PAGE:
How to Get Started: Contact your local hospice about opportunities; training is standard (and helpful). Veterans' Administration hospitals have the "No Veteran Dies Alone" volunteer program, but it can be tricky to get through the red tape; contact your local VA (volunteer.va.gov).

If You Crave Variety…

Photograph courtesy of @luzanya and @5calls/Instagram
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Take a multipronged approach to the world's problems and consider getting set up with an organization that either needs short-term volunteer help or that helps guide you through one-off volunteering opportunities with important causes. This approach is good for people with short attention spans, and for addressing urgent and constantly shifting needs as they arise (*cough* executive orders *cough*).

How to Get Started: You've probably already heard about (or have already joined—you're so good!) Daily Action (dailyaction.org), whose tagline is "Sign Up to Join the Resistance!" One text message a day with all the details you need to perform one act of resistance against extremism. Five calls (5calls.org) is similarly user-friendly. Join Volunteer Match (volunteermatch.org) for one-off volunteer opportunities organized by state and by cause; New York Cares (newyorkcares.org) is a similar service for New Yorkers.

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If You Have an Exceptionally Loving Dog…

Consider registering them as a therapy dog and then visiting children's hospitals, homeless shelters, or schools. Therapy dogs have even brought calm to people after disasters like floods or fires. In times of crisis—and especially when crisis separates you and your pet—you don't always want to talk: sometimes you just need some furry snuggles to get through the day.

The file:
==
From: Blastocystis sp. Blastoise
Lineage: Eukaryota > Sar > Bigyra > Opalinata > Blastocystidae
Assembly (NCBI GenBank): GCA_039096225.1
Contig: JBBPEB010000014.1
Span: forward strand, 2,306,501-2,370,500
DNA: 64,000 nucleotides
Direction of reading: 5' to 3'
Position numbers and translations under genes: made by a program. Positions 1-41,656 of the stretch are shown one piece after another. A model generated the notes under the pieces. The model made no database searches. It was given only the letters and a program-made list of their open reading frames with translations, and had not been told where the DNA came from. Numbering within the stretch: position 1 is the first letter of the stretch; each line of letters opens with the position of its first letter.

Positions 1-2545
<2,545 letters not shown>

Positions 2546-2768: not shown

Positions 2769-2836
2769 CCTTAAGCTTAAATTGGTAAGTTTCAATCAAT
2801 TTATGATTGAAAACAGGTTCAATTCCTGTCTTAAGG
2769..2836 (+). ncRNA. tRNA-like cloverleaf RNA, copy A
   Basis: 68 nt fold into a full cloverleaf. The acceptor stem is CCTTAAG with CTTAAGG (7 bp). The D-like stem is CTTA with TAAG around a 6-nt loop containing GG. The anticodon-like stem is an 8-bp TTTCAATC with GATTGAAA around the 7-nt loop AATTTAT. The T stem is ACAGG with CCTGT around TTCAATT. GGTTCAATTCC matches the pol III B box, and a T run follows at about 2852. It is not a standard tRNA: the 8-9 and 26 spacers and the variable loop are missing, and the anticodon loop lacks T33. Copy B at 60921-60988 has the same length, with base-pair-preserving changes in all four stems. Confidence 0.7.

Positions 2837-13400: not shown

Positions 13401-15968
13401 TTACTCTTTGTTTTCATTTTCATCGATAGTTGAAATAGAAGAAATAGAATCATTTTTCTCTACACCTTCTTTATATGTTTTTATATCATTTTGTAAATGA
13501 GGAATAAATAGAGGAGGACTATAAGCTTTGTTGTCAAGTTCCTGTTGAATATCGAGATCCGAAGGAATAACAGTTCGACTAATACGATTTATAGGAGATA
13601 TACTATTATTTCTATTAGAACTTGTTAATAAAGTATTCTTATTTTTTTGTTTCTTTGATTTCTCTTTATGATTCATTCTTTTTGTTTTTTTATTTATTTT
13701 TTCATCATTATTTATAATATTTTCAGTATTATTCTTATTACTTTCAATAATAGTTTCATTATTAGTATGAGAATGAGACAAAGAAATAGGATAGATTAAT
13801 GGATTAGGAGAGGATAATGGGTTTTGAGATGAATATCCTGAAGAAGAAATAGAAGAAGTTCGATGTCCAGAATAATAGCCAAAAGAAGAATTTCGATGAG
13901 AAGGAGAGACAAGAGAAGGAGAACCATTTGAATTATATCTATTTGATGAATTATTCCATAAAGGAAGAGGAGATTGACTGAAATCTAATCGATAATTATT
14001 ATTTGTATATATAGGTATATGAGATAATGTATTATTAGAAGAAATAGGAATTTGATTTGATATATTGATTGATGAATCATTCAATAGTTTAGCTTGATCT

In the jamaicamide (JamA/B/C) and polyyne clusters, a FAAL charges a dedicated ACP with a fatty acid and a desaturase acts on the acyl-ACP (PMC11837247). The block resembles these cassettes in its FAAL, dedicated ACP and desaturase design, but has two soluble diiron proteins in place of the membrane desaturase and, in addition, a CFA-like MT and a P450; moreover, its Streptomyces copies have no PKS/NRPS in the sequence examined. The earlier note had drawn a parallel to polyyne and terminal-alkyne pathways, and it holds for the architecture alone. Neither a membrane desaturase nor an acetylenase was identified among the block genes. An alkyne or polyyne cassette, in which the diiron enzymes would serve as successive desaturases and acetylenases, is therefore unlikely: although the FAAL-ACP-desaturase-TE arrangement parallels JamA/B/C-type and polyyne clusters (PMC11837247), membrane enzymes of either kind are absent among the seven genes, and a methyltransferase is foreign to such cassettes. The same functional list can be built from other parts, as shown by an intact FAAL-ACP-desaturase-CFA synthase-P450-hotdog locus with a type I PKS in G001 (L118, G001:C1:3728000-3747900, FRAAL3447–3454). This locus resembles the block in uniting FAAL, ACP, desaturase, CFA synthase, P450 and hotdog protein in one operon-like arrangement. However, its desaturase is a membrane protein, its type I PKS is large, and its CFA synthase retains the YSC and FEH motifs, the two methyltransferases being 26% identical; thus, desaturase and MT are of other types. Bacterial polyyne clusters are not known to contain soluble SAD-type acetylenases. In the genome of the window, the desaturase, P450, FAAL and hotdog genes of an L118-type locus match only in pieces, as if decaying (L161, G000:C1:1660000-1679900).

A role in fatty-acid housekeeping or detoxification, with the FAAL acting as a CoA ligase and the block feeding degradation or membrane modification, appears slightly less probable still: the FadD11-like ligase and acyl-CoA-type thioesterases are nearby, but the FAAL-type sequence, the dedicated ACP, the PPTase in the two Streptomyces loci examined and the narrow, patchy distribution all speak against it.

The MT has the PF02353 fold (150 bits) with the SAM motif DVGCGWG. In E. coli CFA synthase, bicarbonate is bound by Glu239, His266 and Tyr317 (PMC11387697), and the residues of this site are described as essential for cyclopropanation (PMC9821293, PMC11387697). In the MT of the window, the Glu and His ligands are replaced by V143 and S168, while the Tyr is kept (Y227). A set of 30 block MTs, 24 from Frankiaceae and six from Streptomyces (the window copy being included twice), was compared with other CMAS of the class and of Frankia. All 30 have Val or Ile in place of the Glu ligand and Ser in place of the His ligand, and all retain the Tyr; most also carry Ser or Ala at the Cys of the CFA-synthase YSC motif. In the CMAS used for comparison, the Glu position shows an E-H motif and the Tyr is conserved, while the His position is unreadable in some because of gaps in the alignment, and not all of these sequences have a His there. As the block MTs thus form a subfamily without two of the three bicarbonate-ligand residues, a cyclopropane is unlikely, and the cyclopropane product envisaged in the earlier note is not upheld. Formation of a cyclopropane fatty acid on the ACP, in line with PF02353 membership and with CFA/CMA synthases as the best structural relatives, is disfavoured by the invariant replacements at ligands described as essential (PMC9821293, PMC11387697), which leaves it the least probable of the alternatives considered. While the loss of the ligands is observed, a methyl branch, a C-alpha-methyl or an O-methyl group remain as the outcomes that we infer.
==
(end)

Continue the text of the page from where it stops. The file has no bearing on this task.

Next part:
How to Get Started: Your dog will need to get a health report and one or more evaluations to become a registered therapy dog. Visit therapydogs.com, tdi-dog.org, or the American Kennel Club (akc.org). The New York-based Good Dog Foundation (thegooddogfoundation.org) has a longer training program that provides even more support to dogs and caregivers.

If You Want to Make Sure Everyone Knows It's Not OK to Grab Your Pussy…

Things may get worse here before they get better, which makes now the perfect time to start (if you haven't already) giving time and energy to fight for reproductive choice and raise the visibility of sexual assault. The tasks are wide-ranging, from helping women access family-planning facilities to advocating for survivors of rape to writing letters to government officials.

How to Get Started: Sign up for user-friendly action updates from the "10 Actions for the First 100 Days" campaign conducted by the Women's March (womensmarch.com/100), help women access family-planning services by, among other things, escorting them to health facilities (plannedparenthood.org), or volunteer at a sexual-violence crisis center (find opportunities by state at volopps.rainn.org).

If You're So Freaked Out About the Impending Apocalypse That You're Paralyzed…

Whatever you do, don't stick your head in the sand (or the Netflix)—at least not for long. Identify the problem—the country is imploding and I feel powerless—and devote time and energy to taking care of yourself, so that you can fight for everyone. Meditate, exercise, bake some cookies, take a bath—whatever you need to do to lick your wounds, get strong, and fill up your energy/motivation/compassion reserves. Repeat as often as needed, and don't lose hope!

How to Get Started: Figure out what gives you healing and strength (this is often not the same as what provides pleasant distraction), and commit to doing it. Maybe you're interested in a structured meditation retreat (dhamma.org) or a local yoga class, or maybe you just need to set aside structured quiet time. Read some poems, get some bubble bath, start running—try a few things and see what lessens the despair, then go back to the top of this article and try again!